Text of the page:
• Most parsimonious way of making a choice to expose oneself to a probability of great loss (death) optimal

  • By incorporating control and skill learning

  • Controllable perils are function of survival skill:: probability of death is lower for a more skilled participant

  • Voluntary activities and involuntary events in the environment are defined by their mix of uncontrollable and controllable peril.


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Core model: peril control training Utility of Intense, High-Stake, Real-Time Experiential Consumption

  • Two periods:

  • First period (training peril)–choose activity with uncontrollable and controllable risk: ie, choose { pu1 , pc1 } ∈ [0,1]2 , where the Probability of death in period 1 is

    P1 = pu1 + pc1

  • Second period (environmental peril)-- nature chooses controllable and uncontrollable peril pu2 , pc2 . Learning: choosing a larger pc1 in first period improves survival skill, which decreases uncontrollable risk in second period:

    P2 = pu2 + pc2(1 -α pc1)


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  • Survival Probability Utility of Intense, High-Stake, Real-Time Experiential Consumption

    S = (1 – P1)(1 – P2)

  • Decision objective

  • Solution:

    -uncontrollable peril avoidance:

    pu1* = 0

    -controllable peril seeking

    pc1 *= ½ – (1 – p2u – p2c ) /(2αp2c)

  • pc1* is greater with larger α, pc2andpu2


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Limitations Utility of Intense, High-Stake, Real-Time Experiential Consumption

  • Well defined two stage sequence—endogenous training, followed by exogenous peril

  • Foresight of exogenous peril probabilities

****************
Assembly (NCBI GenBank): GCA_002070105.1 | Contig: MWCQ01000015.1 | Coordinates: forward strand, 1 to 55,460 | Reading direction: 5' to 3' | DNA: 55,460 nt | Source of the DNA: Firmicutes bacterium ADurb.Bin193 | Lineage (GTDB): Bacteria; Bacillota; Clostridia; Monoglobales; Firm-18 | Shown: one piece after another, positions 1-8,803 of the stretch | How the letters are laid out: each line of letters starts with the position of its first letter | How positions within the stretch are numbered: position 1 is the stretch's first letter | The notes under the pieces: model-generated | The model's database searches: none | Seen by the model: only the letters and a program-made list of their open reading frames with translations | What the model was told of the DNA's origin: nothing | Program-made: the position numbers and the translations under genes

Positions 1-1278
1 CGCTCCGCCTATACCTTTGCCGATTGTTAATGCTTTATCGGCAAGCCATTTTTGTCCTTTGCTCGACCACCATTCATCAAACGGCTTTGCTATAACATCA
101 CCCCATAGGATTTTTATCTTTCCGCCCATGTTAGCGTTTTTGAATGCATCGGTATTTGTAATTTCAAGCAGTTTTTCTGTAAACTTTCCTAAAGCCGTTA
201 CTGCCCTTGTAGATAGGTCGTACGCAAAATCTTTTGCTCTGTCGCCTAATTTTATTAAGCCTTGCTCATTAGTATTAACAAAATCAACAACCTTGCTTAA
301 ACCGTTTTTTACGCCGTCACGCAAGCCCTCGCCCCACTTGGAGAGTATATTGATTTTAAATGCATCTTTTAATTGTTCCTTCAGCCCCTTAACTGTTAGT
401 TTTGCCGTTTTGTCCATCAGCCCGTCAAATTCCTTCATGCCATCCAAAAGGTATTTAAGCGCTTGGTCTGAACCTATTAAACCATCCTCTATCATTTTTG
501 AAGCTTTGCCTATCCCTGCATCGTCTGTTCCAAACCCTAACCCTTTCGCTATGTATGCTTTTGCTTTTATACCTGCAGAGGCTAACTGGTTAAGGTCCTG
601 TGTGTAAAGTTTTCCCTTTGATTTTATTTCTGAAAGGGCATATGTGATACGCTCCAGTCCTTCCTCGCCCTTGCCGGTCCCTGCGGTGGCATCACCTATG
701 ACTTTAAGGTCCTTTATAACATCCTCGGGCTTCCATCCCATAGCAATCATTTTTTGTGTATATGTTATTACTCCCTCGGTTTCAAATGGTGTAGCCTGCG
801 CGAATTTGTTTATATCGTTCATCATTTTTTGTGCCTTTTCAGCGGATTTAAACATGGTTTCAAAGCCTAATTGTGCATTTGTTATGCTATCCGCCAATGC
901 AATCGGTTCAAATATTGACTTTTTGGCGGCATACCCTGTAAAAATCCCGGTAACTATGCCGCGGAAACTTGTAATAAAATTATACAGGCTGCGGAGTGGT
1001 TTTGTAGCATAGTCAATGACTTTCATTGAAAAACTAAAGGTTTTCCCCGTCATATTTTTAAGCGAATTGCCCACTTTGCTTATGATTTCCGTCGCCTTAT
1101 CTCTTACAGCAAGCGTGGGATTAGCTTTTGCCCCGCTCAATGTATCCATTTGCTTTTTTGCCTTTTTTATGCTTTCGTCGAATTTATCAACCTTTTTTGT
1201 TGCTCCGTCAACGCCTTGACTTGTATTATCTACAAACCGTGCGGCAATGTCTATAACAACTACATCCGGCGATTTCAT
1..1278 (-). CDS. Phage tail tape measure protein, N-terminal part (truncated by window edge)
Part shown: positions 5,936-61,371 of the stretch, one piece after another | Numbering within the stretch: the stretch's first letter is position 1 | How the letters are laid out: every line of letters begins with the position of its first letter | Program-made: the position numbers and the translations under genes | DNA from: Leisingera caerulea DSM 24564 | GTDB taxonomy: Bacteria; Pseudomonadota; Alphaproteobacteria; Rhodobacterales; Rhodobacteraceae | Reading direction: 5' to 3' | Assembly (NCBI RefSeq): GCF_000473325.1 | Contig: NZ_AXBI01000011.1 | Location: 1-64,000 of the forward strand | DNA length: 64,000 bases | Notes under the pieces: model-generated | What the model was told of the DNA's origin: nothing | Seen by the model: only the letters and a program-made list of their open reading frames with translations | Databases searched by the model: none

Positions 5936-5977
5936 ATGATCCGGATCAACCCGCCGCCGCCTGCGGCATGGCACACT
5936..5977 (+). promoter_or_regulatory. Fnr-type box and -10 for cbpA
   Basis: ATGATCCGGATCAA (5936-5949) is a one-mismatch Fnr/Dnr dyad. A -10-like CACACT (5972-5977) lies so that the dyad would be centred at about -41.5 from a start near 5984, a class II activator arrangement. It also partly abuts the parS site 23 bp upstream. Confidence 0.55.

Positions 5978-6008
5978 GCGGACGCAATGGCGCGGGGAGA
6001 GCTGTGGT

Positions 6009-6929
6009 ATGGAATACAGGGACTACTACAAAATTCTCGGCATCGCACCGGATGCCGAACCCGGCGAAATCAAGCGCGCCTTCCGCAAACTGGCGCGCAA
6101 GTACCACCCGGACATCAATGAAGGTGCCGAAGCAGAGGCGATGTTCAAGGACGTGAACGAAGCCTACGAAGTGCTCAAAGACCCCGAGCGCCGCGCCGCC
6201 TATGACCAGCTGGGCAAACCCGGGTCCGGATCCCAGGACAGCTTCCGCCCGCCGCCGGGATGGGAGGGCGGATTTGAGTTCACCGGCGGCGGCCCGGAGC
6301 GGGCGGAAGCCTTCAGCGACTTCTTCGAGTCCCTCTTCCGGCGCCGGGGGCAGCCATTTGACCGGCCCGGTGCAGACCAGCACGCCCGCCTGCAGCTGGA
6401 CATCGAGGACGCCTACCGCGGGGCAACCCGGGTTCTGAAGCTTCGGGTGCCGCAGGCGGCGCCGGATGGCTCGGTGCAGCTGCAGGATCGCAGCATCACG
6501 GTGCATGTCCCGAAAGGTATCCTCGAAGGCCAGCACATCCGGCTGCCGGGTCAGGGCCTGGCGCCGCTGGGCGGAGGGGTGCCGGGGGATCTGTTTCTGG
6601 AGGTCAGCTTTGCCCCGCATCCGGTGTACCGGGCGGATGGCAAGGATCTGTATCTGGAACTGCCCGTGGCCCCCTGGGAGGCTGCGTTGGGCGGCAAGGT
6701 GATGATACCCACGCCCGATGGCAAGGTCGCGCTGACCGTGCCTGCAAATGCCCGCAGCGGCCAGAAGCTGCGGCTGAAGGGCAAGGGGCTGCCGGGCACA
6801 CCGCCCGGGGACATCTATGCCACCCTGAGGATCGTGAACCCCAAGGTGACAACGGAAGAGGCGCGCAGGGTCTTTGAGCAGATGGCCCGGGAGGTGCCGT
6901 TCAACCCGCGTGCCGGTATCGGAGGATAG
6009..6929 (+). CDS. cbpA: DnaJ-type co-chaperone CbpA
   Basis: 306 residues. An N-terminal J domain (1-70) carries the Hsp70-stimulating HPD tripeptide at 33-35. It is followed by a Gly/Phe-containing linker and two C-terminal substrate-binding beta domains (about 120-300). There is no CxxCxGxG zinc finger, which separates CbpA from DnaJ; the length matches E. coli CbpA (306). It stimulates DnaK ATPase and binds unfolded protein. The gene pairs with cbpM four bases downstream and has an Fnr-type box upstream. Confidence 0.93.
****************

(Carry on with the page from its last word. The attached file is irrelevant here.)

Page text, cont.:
• Linear learning and impact of learning on survival.

  • Why doesn’t everyone hang glide?


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Survey Utility of Intense, High-Stake, Real-Time Experiential Consumption

  • Web survey of members of West Coast Soaring Club (paragliding and hang gliding), MBA students, and undergrads

  • Exploratory hypotheses are that WCSC members dislike uncontrollable risks and like controllable risks.

  • Questions on appeal of various “risky” activities with various levels of control

  • Questions on lotteries to assess relative risk preferences.


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Reasons for flying (Open-ended ) Utility of Intense, High-Stake, Real-Time Experiential Consumption

  • Opportunities for learning about nature: weather, birds, micrometeorology, etc.

  • the never ending learning process

  • living on the edge

  • --------------------------------------------

  • fulfillment

  • Absolute escape from other pressures and demands of life - when I'm flying there is no time to think of anything else and no way out till the flight is done.

  • absence of every thing else when flying

  • Experiencing the air as a different medium (gliding vs. still), 3D aspect of flying (i.e. 3 degrees of freedom vs.sailing - 2D or driving -1D), scenery, transcending the nature (non-powered flight)


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Work in progress Utility of Intense, High-Stake, Real-Time Experiential Consumption

  • Eliminate need for foresight of upcoming dangerous event

  • Why doesn’t everyone hang glide?


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Summary Utility of Intense, High-Stake, Real-Time Experiential Consumption

  • Voluntary exposure to peril observed

  • Focus on control and learning

  • Core model of peril control training where voluntary exposure to a probability of death is rational

  • Exploratory survey supports model

  • Leading to a deeper understanding of experiential consumption beyond extreme sports